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Thread: 2020 Offseason

  1. #121
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    I personally think Puig would be fun to watch and don't think he's a bad guy, just likes to cause nuisance. Marcell Ozuna or Castellanos would be solid, but I'd hate to watch there defense flounder at AT&T, especially if Dickerson is playing the other corner.

    I heard the Brewers might make Lorenzo Cain available. He has a huge contract and is coming off a poor year, so might be a good buy low trade candidate instead of Marte.




  2. #122
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    Quote Originally Posted by xander View Post
    I personally think Puig would be fun to watch and don't think he's a bad guy, just likes to cause nuisance. Marcell Ozuna or Castellanos would be solid, but I'd hate to watch there defense flounder at AT&T, especially if Dickerson is playing the other corner.

    I heard the Brewers might make Lorenzo Cain available. He has a huge contract and is coming off a poor year, so might be a good buy low trade candidate instead of Marte.
    If MLBTR is accurate in projecting a contract similar to 3/45 for Ozuna then I'd be very happy to get him. I'd be pretty content with Ozuna or Castellanos as well.

    I'd stay away from Cain though. He'll be 34 in April and is owed $16M/$17M/$18M through 2022. I didn't want him when he was a free agent. Use that money elsewhere.

  3. #123
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    My problem with not tendering Pillar is that I don't think this team is going to be a big spender and if Pillar is bad they could just bench him. He was a popular player and seemed like a good guy on a team that is running out of good guys. We're not going to compete this year. I just don't see the harm in keeping him for the season.


    Sent from my iPad using Tapatalk


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  4. #124
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    Pillar was owed 10 million. His defense has fallen off drastically and hes in his 30's now. The front office is looking for the next group of young players that can take us back to the promised land for years to come.

    This money is gonna be put toward a Castellanos-type player. As a Giants fan this was unexpected, and KP was fun to watch everyday.

    But 10 million, player in his 30's with decreasing potential, it made most sense to save that money for a young star player and give opportunity to find the next hidden gems.

  5. #125
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  6. #126
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    I'm not super sold on Castellanos, especially with his fielding deficiencies.

    "there's no scraps in my scrapbook"

  7. #127
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    Giants were in on Hamels before he signed with Atlanta.

  8. #128
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    wouldn't mind taking a flier on Jimmy Nelson & Taijuan Walker.


    Fire Luke Walton


  9. #129
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    Giants hired Brian Bannister from BOS.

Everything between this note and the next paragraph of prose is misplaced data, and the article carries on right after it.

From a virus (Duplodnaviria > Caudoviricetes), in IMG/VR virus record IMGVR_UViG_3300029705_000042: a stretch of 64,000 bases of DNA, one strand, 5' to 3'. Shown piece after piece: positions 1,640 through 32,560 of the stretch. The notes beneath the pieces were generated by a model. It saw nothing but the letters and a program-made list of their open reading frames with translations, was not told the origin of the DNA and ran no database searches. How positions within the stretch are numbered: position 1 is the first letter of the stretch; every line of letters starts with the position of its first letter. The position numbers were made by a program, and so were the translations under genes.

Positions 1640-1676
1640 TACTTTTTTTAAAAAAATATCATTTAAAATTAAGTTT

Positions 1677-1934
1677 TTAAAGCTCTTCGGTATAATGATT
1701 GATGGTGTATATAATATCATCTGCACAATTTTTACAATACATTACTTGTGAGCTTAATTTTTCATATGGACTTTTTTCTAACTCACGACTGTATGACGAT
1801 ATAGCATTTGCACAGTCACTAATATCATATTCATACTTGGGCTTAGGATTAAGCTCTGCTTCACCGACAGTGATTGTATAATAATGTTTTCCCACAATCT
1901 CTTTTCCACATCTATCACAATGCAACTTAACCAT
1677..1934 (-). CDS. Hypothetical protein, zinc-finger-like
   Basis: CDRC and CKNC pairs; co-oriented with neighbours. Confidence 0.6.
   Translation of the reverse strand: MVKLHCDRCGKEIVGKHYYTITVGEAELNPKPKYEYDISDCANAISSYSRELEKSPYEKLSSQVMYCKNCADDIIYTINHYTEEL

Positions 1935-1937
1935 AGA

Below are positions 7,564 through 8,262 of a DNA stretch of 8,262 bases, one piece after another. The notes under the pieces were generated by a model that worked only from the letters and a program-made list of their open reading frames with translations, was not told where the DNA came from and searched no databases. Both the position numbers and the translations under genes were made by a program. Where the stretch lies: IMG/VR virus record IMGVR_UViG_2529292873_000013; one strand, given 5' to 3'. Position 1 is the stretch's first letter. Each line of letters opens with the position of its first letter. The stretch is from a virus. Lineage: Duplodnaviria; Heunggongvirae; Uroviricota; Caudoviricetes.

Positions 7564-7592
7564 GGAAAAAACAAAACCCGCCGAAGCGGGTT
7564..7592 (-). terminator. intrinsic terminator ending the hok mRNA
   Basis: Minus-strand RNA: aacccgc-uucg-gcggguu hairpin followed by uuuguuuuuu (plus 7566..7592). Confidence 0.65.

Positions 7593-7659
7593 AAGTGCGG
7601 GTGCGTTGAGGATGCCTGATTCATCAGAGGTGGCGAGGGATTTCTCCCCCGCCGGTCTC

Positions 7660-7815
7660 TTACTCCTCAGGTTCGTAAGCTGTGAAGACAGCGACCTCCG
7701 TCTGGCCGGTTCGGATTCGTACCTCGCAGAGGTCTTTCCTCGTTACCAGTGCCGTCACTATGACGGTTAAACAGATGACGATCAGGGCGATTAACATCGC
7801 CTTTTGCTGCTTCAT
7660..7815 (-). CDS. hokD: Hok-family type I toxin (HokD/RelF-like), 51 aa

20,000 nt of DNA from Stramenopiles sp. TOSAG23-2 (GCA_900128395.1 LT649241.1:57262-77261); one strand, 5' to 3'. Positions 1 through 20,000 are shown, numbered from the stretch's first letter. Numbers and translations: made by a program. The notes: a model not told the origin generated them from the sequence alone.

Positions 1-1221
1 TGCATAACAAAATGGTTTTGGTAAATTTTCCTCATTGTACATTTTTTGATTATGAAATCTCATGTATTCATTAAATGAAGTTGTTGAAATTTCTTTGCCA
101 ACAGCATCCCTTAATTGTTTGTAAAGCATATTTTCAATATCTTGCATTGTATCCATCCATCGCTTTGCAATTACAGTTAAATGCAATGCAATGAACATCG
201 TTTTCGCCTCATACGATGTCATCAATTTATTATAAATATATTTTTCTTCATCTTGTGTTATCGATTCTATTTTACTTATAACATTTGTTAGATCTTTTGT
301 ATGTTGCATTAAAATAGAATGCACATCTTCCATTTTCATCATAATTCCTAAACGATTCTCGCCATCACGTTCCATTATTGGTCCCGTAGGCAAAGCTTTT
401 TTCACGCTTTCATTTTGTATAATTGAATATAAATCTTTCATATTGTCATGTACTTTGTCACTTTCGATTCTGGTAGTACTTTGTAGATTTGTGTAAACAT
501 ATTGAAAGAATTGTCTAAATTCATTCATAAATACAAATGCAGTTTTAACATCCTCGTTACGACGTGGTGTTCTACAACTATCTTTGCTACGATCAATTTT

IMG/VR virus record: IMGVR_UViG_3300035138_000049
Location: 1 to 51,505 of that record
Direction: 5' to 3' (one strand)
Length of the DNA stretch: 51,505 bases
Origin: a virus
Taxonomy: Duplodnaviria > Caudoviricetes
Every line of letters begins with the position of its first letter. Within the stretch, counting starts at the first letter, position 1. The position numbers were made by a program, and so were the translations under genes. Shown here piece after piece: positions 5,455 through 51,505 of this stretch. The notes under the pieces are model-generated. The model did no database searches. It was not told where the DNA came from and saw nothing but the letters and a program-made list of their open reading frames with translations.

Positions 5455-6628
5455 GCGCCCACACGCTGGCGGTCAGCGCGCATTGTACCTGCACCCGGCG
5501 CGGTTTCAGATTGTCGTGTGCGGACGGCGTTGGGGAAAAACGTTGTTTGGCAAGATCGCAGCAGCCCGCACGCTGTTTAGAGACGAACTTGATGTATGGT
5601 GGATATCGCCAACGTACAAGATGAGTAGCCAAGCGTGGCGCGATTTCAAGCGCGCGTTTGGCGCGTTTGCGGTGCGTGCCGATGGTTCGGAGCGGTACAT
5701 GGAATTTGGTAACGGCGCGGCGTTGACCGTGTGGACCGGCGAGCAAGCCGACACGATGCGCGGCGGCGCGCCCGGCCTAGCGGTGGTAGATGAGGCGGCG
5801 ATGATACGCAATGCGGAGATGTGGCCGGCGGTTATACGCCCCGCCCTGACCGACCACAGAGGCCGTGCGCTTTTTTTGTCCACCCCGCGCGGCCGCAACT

Source: #SFGiants hire Brian Bannister, former #RedSox vice president of pitching development. @MLB @MLBNetwork
    https://twitter.com/jonmorosi/status...7Ctwgr%5Etweet


    Fire Luke Walton


  10. #130
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    Which contract would you guys most want gone at this point?

  11. #131
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    Longoria or Crawford.

    "there's no scraps in my scrapbook"

  12. #132
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    Easily Longoria for me since it's the longest and most expensive.

  13. #133
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    With the hot stove league right around the corner, Giants fans hit team president Farhan Zaidi with a few furnace blasts on Tuesday night.

    At a meet-and-mingle at Oracle Park, ostensibly to let season-ticket holders get to know new manager Gabe Kapler, the audience Q&A took a few tense detours as fans vented about the decision to non-tender popular center fielder Kevin Pillar.

    Because the Winter Meetings open next week in San Diego, fans also had pointed questions about the status of free agent Madison Bumgarner and wondered aloud about a possible overemphasis of analytics in the Giants organization.

    A day after Pillar was set free, a few dozen fans grumbled or groaned every time his name came up, apparently not mollified by the lovely spread of appetizers and beverages for this private event inside the club level.

    And when fans had a chance to address Zaidi directly, the amplification from the hand-held microphone was hardly necessary.

    “You’ve taken the heart away,’’ one woman said, setting the early tone. “So that’s what’s really hurting: You’ve taken our heart away for … money? I don’t understand that. I’m season-ticket holder and it’s just like you stripped it all away. And it looks like the Oakland A’s all over again. So what are you going to do about that?”

    Zaidi, in his second season as the Giants president of baseball operations, remained good-natured throughout the hour-long session. He laughed often and answered patiently, often thanking fans for their fair questions.

    But he didn’t exactly help himself win over the crowd with his references to the success of the Dodgers several times in the opening minutes.

    At one point, Zaidi, who worked in the Dodgers’ front office before the Giants hired him last offseason said: “Let me ask this trivia question: Over the last three years, 2017-19, how many combined games did we finish behind the Dodgers in the standings?”

    He answered that one himself: “Eighty-seven-point-five.”

    Later, Zaidi, in addressing the Pillar move, encouraged fans to think the way their rivals might, asking them to put themselves in Dodger blue shoes for a moment. “If you said to the Dodgers, what do you want the Giants to do?”

    That’s about as far as he got before he had to wait for the crowd to quiet down a bit.

    Then he continued.

    “If you said to the Dodgers: Do you want the Giants to take chances with young players and have the chance to really build something? Or do you want them to go with a veteran group and just play that game? What would you rather do?” Zaidi posited.

    He answered that one himself, too, saying that the Dodgers would prefer that the Giants keep treading water with a veteran squad “because, frankly, they feel like they have a better group. And as long as we’re trying to play catch-up like that with veteran players, we’re not going to get there.”